Dilemmas While Walking




A child shakes uncontrollably: the plate with which he carried his kolo (an Ethiopian snack) face down, with its content emptied out on the gravel-filled earth. People from a nearby café watch on as this child, no more than nine years of age, convulses in an epileptic fit.

More and more strangers stop and look on, doing nothing, standing idle. A foreigner walks up to the child from among the crowd. He gets close to the child, who at this moment has ceased to convulse, and raises him from the ground. The child holds on to him.

The man puts the child on a more comfortable ground to sit on. The child accepts from other strangers an English cake from the bakery nearby and a Fanta to drink in hopes that the sugar would revive him.  The foreigner gives his jacket and wraps it around the child who seems shell-shocked. Some locals from the street come to the child to ask if this has happened to him before. The child does not reply. Soon after they hand him a 100 Br bill to compensate for the kolo lost.

The child is then offered to call his family, a hospital, someone or anyone. Slowly, despite people’s appeal otherwise, he gets up. With the foreigner’s light grey jacket still hanging from his small frame, he walks away cradling the emptied container that now holds his cake and Fanta.

The locals are digesting all that had happened as they slowly start to discuss if the child had faked his seizure. The guards and strangers share stories of similar situations they had witnessed before.

If a child of nine years or younger is forced to fake a seizure, for money, then is the bigger picture not more befitting of our attention as a society?

Is how we react when someone is in need not more important?

Clearly, this is not an isolated incident. Many have been faced with similar or worse experiences. Some fake illnesses and injuries for money as others are in crisis hoping someone will come to their rescue.

While many have become hardened by such fake incidents, others have a harder time turning a blind eye, much like a colleague who came late to work to confide in me how he and a stranger took it upon themselves to take a woman they found unconscious on the street to the hospital. In the end, the strangers exchanged numbers united in their solidarity for humanity.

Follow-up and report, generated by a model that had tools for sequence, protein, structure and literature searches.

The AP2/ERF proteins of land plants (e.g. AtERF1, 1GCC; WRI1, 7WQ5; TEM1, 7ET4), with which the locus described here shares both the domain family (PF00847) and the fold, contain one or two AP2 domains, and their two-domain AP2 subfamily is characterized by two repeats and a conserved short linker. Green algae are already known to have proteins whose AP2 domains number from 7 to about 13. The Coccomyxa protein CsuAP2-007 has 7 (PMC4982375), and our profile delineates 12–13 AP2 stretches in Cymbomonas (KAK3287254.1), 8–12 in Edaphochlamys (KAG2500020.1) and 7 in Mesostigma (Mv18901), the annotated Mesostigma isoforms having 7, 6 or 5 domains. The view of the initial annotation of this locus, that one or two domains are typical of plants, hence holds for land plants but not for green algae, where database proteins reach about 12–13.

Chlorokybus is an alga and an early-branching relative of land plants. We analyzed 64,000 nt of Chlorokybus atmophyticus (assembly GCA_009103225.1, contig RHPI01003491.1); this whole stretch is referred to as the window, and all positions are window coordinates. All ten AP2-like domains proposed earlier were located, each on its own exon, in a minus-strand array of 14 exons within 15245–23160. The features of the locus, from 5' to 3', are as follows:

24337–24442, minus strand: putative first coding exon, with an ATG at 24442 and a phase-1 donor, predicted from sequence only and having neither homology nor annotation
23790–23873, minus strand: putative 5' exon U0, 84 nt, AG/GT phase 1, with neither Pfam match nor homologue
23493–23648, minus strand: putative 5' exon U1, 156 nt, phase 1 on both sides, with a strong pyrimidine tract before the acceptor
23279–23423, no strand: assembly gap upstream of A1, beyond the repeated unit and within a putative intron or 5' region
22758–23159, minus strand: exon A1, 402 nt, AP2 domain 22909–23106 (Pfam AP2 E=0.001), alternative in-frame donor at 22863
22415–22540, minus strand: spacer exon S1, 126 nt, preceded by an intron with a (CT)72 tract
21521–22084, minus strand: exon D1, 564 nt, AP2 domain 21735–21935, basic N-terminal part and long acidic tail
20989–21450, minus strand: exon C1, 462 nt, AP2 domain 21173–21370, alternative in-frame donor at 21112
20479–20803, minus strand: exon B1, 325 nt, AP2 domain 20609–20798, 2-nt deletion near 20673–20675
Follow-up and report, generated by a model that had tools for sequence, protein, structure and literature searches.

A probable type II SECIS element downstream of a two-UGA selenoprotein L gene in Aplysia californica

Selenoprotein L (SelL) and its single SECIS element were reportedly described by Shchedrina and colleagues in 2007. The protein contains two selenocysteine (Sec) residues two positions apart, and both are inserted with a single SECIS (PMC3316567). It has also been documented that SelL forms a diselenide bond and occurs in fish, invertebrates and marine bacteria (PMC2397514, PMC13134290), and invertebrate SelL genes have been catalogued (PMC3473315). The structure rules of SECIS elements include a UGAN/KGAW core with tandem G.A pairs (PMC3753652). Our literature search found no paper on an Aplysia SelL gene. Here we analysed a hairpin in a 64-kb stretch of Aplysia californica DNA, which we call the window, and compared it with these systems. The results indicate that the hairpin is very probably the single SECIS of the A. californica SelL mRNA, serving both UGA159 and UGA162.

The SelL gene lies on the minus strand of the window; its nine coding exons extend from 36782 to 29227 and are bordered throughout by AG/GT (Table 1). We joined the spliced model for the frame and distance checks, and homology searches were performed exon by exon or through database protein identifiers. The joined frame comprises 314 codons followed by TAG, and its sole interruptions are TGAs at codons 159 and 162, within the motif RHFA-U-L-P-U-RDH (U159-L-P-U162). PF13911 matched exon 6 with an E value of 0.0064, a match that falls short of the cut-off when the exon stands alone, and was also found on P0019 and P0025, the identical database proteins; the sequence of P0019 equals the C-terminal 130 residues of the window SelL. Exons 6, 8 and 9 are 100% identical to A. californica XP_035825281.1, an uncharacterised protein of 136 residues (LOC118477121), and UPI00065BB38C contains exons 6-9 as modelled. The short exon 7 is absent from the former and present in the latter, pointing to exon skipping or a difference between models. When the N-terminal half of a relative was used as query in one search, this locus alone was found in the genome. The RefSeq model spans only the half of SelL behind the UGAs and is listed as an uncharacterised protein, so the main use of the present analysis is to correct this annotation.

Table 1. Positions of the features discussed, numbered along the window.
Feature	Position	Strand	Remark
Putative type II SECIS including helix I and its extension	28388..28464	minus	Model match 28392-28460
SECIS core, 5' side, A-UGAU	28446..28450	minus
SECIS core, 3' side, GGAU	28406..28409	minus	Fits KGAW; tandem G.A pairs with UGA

I am sure many of us have faced incidents like these before. And we are faced with a constant dilemma of whether we should ignore it and pass or do what comes naturally to us as humans – help.

People’s primary concern is the interrogation that follows after taking an injured person to a hospital as if one was a suspect. Some have been told they were not allowed to leave until the family members arrive at the scene. While taking someone to the hospital is one thing, it is entirely different when one has to spend hours jumping through red tapes.

A taxi driver shared with me, “If I see a person lying on the road from a traffic accident and its night time, and I did not see the car that hit the person. I will not stop to take the person to the hospital. I do not want to be taken in as a suspect.”

While I do not know what the procedure is for incidents such as these, many also do not have a clue of what needs to be done during similar emergencies.

In broad daylight, as my friend and I were taking a walk, we saw a young man sprawled on the ground. Next to him was a building with its guards on site. I walked over there, asking if they could help us. They took a few steps back and announced that they prefer not to get involved. They cited that the person was not hurt on their ground; hence they could not take responsibility for him.

Legally this statement is true, but what was shocking was that they could not even give me a number I can call for an emergency of this type. They were not equipped with the information needed. Fortunately, the young man was faking, since the sight of the police seemed to cure his seizure completely.

Information is our friend. We need to know the numbers to call for emergencies and the right places to contact. Let us take the initiative to find out how we can be better citizens and watch out for each other.

As our city grows and some cannot grow in income alongside it, desperation spreads. I do not know if there are more con-artists or many have fallen behind and could use a helping hand. My only hope is that there will always be those who pick-up the sick from the ground.



By Hanna Haile
Hanna Haile (hannahaile212@gmail.com) is an Ethiopian writer, researcher and social worker who uses her writing to promote social and gender equality, identity and women’s rights. She is one of the organisers of Poetic Saturday at Fendika Cultural Centre where she performs spoken word poetry every first Saturday of the month.

Published on Nov 18,2017 [ Vol 18 ,No 916]


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